I do have a point, and it is this: at 2:38 the following title card appears:

and that is just wrong.

"Treachery" has a nice long history in English. It started out as a form of "trickery", borrowed from French "trichier/trechier", "to trick", from Latin "triccare". It was once spelled "trecherie". But that "-a-" crept in quite a while ago: by the late 1500s it was a regular part of the word, and has been so ever since. "Trecherous" is not only wrong by about four hundred years: it's also inexcusable.

Tuesday, August 14, 2007


The dependable Boingboing has a link to a camouflage bible for outdoorsy young Christians.

It's gross for many reasons, not least of which is that there's a boy version and a girl version, and the boy version is standard camouflage colours, the kind that would let you hide the book in your average forest, but the girl version is pink, because deities really hate it when you don't forcibly indoctrinate kids into sanctioned gender roles at every opportunity. And is camouflage really camouflage when it's pretty much the exact opposite of the colours one would expect to find in the forest, when it appears to be designed to be seen? It might work as camouflage in Barbie's Dream House, but it mostly looks as if Barbie threw up on it.

The girl version is "adorable", "perfect for fashionable girls", and "incredibly cute", whereas the boy version is...let's let them tell it, shall we?

A full text Bible in International Children's Bible® translation in traditional camo canvas cover and just the right size for young hands. Embroidered with a cross, this Bible is perfect for adventerous boys.

The cloth binding style offers kids a compact and cool look to carry their Bible to church, school, or on-the-go. It's durable, flexible, and incredibly adventerous for boys of all ages!

"Adventerous". Not once but twice. It's not a simple typo; it's a full-out mistake.

Bad spelling makes Baby Jesus cry.

Monday, August 13, 2007


Carelessness. It irritates me, especially when it's so easily headed off by the simple expedient of running a spellchecker.

This is a page from the Colgate website, so it's not just some hack job; they presumably have professional web developers and graphic designers and writers who know how to use computer tools, which, you would think, includes a spellchecker. They're trying to sell you fairly expensive tooth-whitening products, so you'd figure they'd pay a little attention to their site.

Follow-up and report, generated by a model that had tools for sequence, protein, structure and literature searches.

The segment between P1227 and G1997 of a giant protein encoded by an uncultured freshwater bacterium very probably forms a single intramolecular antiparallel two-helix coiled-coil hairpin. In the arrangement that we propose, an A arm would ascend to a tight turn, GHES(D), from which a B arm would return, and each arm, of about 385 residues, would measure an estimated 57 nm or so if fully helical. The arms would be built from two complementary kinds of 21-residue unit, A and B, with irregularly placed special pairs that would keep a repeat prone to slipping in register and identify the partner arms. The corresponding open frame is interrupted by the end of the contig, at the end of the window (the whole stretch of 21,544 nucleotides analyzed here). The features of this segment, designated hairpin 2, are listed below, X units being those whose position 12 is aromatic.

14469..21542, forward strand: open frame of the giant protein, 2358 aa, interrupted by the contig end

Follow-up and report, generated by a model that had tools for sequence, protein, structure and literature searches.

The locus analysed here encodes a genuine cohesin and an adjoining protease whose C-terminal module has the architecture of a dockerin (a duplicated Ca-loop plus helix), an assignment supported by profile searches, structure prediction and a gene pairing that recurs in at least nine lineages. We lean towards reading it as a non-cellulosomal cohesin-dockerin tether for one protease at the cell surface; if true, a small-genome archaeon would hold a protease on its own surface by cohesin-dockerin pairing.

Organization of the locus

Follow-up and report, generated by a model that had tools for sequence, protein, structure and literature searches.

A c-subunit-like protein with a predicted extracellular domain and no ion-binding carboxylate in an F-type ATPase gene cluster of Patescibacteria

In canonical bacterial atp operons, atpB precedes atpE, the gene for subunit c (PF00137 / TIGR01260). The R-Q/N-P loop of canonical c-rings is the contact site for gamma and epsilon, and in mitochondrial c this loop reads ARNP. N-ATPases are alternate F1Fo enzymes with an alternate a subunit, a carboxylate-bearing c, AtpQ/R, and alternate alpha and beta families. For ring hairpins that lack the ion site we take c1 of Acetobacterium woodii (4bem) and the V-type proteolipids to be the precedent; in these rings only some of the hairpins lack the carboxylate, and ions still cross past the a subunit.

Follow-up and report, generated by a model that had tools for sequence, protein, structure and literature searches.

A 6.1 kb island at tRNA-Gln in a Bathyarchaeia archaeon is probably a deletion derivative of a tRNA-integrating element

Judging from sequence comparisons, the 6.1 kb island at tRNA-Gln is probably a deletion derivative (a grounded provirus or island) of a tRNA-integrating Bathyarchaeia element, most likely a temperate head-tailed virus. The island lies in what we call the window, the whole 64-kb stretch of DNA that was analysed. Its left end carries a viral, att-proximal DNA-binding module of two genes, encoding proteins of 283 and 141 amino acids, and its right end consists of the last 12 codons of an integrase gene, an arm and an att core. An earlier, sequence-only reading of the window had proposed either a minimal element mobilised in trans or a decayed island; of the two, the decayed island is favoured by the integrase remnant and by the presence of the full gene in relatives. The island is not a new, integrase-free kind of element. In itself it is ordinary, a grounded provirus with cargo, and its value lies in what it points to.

You'd figure that, but you'd be wrong. Here's a small sample from the page in question:

"Platnium". Very nice.

Yes, I know. I'm a nitpicker. There are more important things to worry about. Don't care. Things like this may be of minor importance in the grand scheme of things, but they matter, because attention to detail shows that a company cares about little things and will therefore in theory care about the details of its customers' wants and needs. Sloppiness suggests...sloppiness. Not good.

Friday, August 10, 2007

Old and Bitter

Salon's movie reviewer, Stephanie Zacharek, has written a very nice review of "Stardust" which has convinced me to see the movie (next weekend, when I'm not working). But in the last paragraph are these two sentences:

There are some wonderful, fanciful effects here, including a dirigible pirate ship that drifts through the air, and Pfeiffer's zillion-year-old witch, who ages and youthens before our eyes. (I know "youthen" isn't a word, but in the age of Botox, it ought to be.)

God. Why do writers do this? Can they not be bothered to take fifteen seconds to do a bit of research? Why do they put it all on my shoulders (broad and manly though they be)?

"Youthen" most assuredly is a word. It's at least a hundred and twenty-five years old (the OED lists its first appearance in print as 1882), and if that isn't enough to cement its pedigree, then I don't know what is. (It's even in the Scrabble dictionary. It's a word.) It means exactly what it appears to mean, and it was coined for exactly the reason that Zacharek coins it: because someone thought they needed a verb that meant the opposite of "age".